Open AccessFeature PaperArticle
Congregations and Social Services: An Update from the Third Wave of the National Congregations Study
Religions 2016, 7(5), 55; https://doi.org/10.3390/rel7050055 - 19 May 2016
Cited by 11 | Viewed by 2265
Abstract
Congregations and other religious organizations are an important part of the social welfare system in the United States. This article uses data from the 2012 National Congregations Study to describe key features of congregational involvement in social service programs and projects. Most congregations [...] Read more.
Congregations and other religious organizations are an important part of the social welfare system in the United States. This article uses data from the 2012 National Congregations Study to describe key features of congregational involvement in social service programs and projects. Most congregations (83%), containing 92% of religious service attendees, engage in some social or human service activities intended to help people outside of their congregation. These programs are primarily oriented to food, health, clothing, and housing provision, with less involvement in some of the more intense and long-term interventions such as drug abuse recovery, prison programs, or immigrant services. The median congregation involved in social services spent $1500 per year directly on these programs, and 17% had a staff member who worked on them at least a quarter of the time. Fewer than 2% of congregations received any government financial support of their social service programs and projects within the past year; only 5% had applied for such funding. The typical, and probably most important, way in which congregations pursue social service activity is by providing small groups of volunteers to engage in well-defined and bounded tasks on a periodic basis, most often in collaboration with other congregations and community organizations. Full article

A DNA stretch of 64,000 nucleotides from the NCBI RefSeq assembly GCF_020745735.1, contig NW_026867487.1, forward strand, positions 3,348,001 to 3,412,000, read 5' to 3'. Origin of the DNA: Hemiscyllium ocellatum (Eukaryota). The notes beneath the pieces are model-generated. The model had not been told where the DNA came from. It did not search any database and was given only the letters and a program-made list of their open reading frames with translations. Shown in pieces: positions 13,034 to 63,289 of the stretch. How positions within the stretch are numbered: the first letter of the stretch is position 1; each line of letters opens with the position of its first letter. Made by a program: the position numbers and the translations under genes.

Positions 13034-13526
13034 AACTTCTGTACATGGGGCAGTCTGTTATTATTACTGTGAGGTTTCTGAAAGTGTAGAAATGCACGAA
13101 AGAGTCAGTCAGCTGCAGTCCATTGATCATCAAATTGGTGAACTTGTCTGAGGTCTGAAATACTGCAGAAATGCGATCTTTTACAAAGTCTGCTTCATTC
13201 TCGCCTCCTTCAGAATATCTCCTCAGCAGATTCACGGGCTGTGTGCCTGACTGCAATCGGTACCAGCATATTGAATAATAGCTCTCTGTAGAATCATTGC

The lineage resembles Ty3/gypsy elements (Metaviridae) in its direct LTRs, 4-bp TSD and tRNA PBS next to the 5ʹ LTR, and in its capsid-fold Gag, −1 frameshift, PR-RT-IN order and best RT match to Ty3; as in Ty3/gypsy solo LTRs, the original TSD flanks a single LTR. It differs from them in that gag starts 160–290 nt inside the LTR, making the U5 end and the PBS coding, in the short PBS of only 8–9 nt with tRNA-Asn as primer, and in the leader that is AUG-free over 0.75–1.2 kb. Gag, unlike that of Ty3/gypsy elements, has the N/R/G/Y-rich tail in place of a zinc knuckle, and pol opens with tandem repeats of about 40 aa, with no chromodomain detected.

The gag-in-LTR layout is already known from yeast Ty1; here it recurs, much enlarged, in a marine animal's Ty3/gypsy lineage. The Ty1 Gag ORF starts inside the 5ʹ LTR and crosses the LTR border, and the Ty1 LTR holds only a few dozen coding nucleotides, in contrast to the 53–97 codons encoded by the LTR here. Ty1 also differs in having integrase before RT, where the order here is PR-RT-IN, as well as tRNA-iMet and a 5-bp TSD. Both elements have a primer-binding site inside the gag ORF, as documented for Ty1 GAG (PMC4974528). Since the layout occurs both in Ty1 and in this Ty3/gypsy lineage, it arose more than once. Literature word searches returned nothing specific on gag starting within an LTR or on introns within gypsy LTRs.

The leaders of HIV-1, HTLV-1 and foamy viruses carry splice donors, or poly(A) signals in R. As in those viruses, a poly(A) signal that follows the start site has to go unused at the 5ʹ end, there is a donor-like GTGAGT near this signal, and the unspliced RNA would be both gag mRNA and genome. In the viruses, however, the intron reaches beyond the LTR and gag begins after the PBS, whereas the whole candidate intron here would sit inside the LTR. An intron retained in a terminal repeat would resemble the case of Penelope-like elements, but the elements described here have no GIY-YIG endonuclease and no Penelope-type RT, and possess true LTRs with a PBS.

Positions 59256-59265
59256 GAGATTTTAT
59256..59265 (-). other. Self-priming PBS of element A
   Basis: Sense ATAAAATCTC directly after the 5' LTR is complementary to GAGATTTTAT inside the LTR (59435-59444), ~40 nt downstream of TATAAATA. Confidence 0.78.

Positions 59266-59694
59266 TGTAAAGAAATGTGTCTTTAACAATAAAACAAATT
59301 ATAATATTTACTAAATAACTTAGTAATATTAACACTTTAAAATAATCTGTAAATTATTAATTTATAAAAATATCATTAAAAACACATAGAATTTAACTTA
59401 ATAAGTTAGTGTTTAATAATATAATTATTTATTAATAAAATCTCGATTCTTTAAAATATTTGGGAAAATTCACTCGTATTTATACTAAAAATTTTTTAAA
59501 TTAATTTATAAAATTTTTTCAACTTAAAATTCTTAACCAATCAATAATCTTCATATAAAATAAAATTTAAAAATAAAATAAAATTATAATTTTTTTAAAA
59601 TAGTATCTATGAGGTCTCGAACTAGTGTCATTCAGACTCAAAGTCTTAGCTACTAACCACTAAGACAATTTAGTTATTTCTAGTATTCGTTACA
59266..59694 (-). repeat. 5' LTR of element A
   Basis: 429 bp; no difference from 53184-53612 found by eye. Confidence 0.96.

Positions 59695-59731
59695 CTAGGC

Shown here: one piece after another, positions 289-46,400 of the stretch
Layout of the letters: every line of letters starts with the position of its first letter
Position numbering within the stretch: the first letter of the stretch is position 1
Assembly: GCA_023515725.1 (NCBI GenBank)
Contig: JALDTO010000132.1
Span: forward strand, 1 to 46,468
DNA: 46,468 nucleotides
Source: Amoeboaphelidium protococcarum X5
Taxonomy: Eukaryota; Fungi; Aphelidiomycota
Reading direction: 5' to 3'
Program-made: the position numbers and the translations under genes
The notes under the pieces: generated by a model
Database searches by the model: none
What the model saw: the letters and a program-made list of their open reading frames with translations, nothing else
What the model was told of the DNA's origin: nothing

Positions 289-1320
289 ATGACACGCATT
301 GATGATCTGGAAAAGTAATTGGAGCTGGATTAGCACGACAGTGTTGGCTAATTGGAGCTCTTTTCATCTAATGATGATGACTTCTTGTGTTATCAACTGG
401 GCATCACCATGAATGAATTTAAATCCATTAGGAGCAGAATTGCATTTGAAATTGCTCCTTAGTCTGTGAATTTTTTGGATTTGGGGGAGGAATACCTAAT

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Open AccessFeature PaperArticle
Spirituality Self-Care Practices as a Mediator between Quality of Life and Depression
Religions 2016, 7(5), 54; https://doi.org/10.3390/rel7050054 - 11 May 2016
Cited by 2 | Viewed by 2443
Abstract
The purpose of this study was to develop a midrange theory, building on Orem’s self-care deficit nursing theory (SCDNT) to include constructs of religion, spirituality, and spiritual self‑care practices. This mid-range theory, White’s theory of spirituality and spiritual self-care (WTSSSC), was developed and [...] Read more.